Antigua California: Mission and Colony on
the Peninsular Frontier, 1697-1768
by Harry W. Crosby
(University of Arizona Southwest Center Book)
Hardcover – May 1, 1994
The photo on the cover is a watercolor facsimile of the original art, by Joanne Haskell Crosby, depicting San Jose del Cabo, based on the original drawings of Padre Ignacio Tirsch.
First published in 1994 and now available again, this Spanish Borderlands classic recounts Jesuit colonization of the Old California, the peninsula now known as Baja California. Jesuit missionaries founded their first settlement in 1697 and unintentionally created a Hispanic society that outlived the missions and their Indian converts. The author brings to light Jesuit missionization and culture, European-Indian contacts, mission and presidio operations, family social life, the unique peninsular economy, and the Jesuit expulsion.
The following are quotes from customer comments on Amazon.com
“For a scholar, the book is eminently useful: full of maps, chronological tables of people and places, explanations of systems and bureaucracies. For the history buff, it is a dream of readability and detail.”
“A chemistry teacher turned archeologist, anthropologist and historical researcher, Crosby’s book is without question a serious scholarly work but reads as easily as a novel. ”
The original San José del Cabo Añuiti Mission Church was built in April 8, 1730.
Founded near the southern end of the California peninsula, this was one mission that served one of the reasons for occupying California (to resupply the Manila Galleon on its long return to Acapulco from Asia).
The Pericú Revolt of 1734 destroyed the mission, and over its years, the mission moved locations at least 4 times between the beach and 5 miles inland.
The mission was closed in 1748, and for the next 20 years it was a visita (satellite mission station) of Santiago. It was returned to mission status with the arrival of the Franciscans who replaced the Jesuits after their forced removal.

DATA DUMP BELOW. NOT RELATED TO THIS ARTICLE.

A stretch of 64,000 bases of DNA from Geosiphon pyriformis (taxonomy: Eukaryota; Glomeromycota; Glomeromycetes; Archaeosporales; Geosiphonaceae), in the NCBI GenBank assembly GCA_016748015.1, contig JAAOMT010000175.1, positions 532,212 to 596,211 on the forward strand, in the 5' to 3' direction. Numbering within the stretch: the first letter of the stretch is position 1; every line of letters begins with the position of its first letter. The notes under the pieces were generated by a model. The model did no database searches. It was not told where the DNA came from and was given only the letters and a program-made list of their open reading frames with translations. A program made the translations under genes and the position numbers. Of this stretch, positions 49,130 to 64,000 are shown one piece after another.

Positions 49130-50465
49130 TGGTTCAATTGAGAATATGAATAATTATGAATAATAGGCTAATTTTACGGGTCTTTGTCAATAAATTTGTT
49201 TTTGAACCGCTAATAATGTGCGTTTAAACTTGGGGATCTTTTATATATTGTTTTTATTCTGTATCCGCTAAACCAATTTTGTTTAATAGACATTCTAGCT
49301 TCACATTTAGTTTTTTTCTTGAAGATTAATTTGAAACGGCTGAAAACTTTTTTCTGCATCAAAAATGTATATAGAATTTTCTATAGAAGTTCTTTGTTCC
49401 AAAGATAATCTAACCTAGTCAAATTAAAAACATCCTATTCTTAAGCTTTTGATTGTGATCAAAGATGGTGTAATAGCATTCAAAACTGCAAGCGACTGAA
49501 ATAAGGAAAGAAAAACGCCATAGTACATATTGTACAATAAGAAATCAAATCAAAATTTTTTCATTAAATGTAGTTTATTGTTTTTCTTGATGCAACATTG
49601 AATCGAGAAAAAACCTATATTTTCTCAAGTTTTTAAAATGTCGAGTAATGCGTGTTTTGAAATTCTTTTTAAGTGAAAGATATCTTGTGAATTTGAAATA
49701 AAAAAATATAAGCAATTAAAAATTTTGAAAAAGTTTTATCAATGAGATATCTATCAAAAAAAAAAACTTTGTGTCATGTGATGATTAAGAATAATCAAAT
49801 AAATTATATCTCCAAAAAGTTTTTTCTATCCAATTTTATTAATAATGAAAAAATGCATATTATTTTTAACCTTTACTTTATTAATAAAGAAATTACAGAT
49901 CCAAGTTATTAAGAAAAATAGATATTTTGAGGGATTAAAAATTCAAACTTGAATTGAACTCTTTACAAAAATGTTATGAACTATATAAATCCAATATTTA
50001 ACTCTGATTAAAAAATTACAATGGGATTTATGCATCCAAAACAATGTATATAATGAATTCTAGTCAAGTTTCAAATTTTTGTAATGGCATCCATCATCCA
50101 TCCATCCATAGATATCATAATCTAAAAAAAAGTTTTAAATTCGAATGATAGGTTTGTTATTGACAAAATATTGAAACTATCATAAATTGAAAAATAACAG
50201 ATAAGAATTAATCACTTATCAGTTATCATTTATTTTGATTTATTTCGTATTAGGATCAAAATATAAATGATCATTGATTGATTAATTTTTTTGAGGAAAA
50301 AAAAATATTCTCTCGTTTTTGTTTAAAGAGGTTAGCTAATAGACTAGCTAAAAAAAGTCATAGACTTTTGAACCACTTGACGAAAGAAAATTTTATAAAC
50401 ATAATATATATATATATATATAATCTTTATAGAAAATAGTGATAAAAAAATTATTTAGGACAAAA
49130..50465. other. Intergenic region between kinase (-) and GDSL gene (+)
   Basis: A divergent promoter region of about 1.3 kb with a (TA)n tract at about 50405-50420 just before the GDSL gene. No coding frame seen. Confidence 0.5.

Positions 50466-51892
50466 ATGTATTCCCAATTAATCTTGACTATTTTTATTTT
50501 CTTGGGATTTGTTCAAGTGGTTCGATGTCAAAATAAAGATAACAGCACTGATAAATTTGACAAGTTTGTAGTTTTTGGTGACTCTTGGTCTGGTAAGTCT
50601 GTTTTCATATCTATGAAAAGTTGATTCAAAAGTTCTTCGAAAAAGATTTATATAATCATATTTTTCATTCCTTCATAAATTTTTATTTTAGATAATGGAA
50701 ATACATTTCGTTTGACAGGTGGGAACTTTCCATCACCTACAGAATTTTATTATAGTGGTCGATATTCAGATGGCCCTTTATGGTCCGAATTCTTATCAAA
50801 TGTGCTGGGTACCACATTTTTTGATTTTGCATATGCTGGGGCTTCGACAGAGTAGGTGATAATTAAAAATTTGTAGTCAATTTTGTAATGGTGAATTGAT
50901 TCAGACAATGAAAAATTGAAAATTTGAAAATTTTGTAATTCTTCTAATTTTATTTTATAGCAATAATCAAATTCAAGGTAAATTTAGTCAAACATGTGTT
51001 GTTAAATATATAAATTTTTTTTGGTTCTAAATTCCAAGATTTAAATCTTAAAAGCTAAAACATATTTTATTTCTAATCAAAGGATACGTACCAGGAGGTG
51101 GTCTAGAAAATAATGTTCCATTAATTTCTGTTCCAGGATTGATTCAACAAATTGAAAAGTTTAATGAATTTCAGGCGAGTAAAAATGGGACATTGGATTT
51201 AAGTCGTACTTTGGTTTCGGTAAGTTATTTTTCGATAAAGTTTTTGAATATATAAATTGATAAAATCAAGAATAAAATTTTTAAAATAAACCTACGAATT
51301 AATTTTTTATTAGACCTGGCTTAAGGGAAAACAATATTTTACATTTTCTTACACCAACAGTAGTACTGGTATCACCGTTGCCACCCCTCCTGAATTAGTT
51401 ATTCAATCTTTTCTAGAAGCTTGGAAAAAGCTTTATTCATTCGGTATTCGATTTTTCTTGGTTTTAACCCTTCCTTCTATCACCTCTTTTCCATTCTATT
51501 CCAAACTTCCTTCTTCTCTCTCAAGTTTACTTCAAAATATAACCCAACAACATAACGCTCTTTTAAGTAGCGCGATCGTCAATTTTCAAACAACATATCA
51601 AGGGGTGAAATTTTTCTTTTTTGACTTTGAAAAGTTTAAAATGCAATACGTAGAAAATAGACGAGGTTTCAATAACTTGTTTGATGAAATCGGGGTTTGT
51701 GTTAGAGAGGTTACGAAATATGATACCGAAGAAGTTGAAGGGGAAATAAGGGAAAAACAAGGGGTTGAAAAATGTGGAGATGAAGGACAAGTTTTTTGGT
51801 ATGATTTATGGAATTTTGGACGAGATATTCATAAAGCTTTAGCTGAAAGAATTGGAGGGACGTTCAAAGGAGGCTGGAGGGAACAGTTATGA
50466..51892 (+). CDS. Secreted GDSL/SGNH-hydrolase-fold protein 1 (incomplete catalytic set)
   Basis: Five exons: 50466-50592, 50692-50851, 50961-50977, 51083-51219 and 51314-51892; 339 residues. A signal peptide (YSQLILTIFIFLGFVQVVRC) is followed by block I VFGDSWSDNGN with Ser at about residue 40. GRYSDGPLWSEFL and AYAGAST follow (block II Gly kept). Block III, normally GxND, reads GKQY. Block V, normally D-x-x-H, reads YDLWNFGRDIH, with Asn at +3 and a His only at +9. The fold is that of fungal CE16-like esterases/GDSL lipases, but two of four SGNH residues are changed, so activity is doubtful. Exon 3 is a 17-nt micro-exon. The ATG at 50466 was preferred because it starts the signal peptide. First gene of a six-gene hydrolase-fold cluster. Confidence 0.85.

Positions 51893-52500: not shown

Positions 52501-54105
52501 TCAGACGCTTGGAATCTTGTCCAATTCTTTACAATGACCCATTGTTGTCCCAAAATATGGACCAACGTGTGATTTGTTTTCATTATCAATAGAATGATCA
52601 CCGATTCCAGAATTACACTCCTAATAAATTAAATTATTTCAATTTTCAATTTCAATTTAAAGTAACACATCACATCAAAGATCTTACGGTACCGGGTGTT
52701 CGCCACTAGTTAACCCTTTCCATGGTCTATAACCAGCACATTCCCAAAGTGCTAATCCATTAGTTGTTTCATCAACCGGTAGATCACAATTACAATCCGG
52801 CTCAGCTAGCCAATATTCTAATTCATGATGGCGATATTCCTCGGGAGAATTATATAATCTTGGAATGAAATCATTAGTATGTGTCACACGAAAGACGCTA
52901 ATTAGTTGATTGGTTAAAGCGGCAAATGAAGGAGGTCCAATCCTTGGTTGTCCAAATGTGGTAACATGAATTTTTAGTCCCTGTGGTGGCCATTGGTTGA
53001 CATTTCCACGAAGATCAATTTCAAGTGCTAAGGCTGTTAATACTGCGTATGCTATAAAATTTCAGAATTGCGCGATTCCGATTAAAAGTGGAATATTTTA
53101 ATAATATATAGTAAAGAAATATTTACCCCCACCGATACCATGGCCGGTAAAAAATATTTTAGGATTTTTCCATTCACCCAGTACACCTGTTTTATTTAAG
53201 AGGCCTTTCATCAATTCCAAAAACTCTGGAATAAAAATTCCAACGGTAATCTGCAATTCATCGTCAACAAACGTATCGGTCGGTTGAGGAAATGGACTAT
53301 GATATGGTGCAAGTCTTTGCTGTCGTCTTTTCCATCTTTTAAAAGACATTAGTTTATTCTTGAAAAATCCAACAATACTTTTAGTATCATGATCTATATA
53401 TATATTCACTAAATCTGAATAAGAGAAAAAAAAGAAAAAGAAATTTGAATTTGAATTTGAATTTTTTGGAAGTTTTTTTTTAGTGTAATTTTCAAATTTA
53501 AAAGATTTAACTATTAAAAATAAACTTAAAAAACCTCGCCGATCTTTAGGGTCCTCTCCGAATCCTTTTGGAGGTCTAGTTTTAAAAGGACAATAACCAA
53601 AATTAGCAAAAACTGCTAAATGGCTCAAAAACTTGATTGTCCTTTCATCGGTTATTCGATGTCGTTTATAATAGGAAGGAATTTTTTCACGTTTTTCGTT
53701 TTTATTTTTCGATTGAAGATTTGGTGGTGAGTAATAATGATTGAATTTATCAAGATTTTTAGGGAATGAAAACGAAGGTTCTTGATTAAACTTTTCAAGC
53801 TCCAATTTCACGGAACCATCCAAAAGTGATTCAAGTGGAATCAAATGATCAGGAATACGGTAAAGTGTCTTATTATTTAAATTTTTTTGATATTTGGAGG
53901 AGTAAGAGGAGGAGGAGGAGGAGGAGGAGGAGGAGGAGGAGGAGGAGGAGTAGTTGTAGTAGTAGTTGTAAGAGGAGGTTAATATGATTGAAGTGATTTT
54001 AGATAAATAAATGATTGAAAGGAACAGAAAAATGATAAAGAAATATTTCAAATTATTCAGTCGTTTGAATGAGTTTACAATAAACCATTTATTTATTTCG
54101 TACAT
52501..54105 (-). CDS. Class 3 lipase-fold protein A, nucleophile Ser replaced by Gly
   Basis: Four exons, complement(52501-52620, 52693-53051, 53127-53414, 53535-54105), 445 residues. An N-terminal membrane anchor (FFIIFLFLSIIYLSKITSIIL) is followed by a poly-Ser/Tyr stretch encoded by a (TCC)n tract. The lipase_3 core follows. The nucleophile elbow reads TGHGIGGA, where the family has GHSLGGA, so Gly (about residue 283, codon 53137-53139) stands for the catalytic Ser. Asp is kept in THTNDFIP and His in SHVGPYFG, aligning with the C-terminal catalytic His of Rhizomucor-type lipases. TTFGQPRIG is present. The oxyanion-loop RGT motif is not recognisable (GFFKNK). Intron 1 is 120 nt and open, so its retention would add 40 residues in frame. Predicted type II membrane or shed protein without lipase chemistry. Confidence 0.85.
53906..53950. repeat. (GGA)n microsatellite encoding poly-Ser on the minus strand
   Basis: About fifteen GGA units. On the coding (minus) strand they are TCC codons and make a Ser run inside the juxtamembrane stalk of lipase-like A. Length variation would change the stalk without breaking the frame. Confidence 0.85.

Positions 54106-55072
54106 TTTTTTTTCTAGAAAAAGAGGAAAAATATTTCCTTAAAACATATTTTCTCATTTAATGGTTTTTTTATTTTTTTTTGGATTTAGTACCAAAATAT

No ruins remain today at any of the 4 sites, but the modern church in the town plaza is built on the final site.
Marquis Mcdonald identified two of the old mission sites during his excursion during 1949-1950, but there was very little remaining to determine the size or shape. His book, Baja: Land of Lost Missions reports his findings.
Established in 1730 by Jesuits Father Nicolas Tamaral and Jose Echeverria, the first Mission building was established close to the Estero (Rio San Jose), soon they have to move locations do to a
mosquito infestation the new location was San Jose Viejo.
Constructions at that time were simple adobe structures
with stick and palm roofs and do to storm damage and Pericu Indians sacked and destroying the buildings the Missionaries had to move the mission location on several times. Father Tamaral rebuilt the Mission on the Santa Rosa area.
In 1734 Father Tamaral pronounced against polygamy, this pronouncement caused a rebellion, where the Pericu Indians burned the Mission and during the uprising, Father Nicolas Tamaral was murdered with great cruelty, The Jesuit Fathers left the Baja Peninsula in 1768.
In 1793 the Mission was destroyed by a storm and rebuilt in 1799.
From 1820’s to 1840’s due to wars and the poor conditions of the building the Mission was abandoned in 1840.
In 1932 the actual Mission was built across to the Plaza Mijares, being served by Combodian Missionaries from 1948 – 1986. Actually the Mission of San Jose has been in the Hands of Diocesan Clergy and attended by Father Juvencio Gonzalez.
English Mass: Sunday at 12 Noon
Phone: (624) 142-0064
From an old website: http://www.cabomission.com/
San José del Cabo Catholic Chruch • Misión de San José del Cabo Anuiti.
Photo June 22, 2015 • Joseph A. Tyson
Mission San José del Cabo was the southernmost of the Jesuit missions on the Baja California peninsula, located near the modern city of San José del Cabo in Baja California Sur, Mexico.The southern cape of the Baja California peninsula had been an often-visited landmark for Spanish navigators (as well as English privateers) for nearly two centuries when a mission was finally established at the Pericú settlement of Añuití in 1730 by Nicolá Tamaral. Initially located near the beach, the station was subsequently moved inland about 8 kilometers.In 1734 the Pericú Revolt broke out, Tamaral was killed, and the mission was destroyed. In 1735–1736, the reestablished outpost was moved back closer to the coast, but it served as a visita for Mission Santiago and as the site of a Spanish presidio. In 1753, San José del Cabo was again moved inland. In 1795, under the Dominicans, the surviving native population of Mission Santiago was transferred to San José del Cabo. The mission was finally closed in 1840.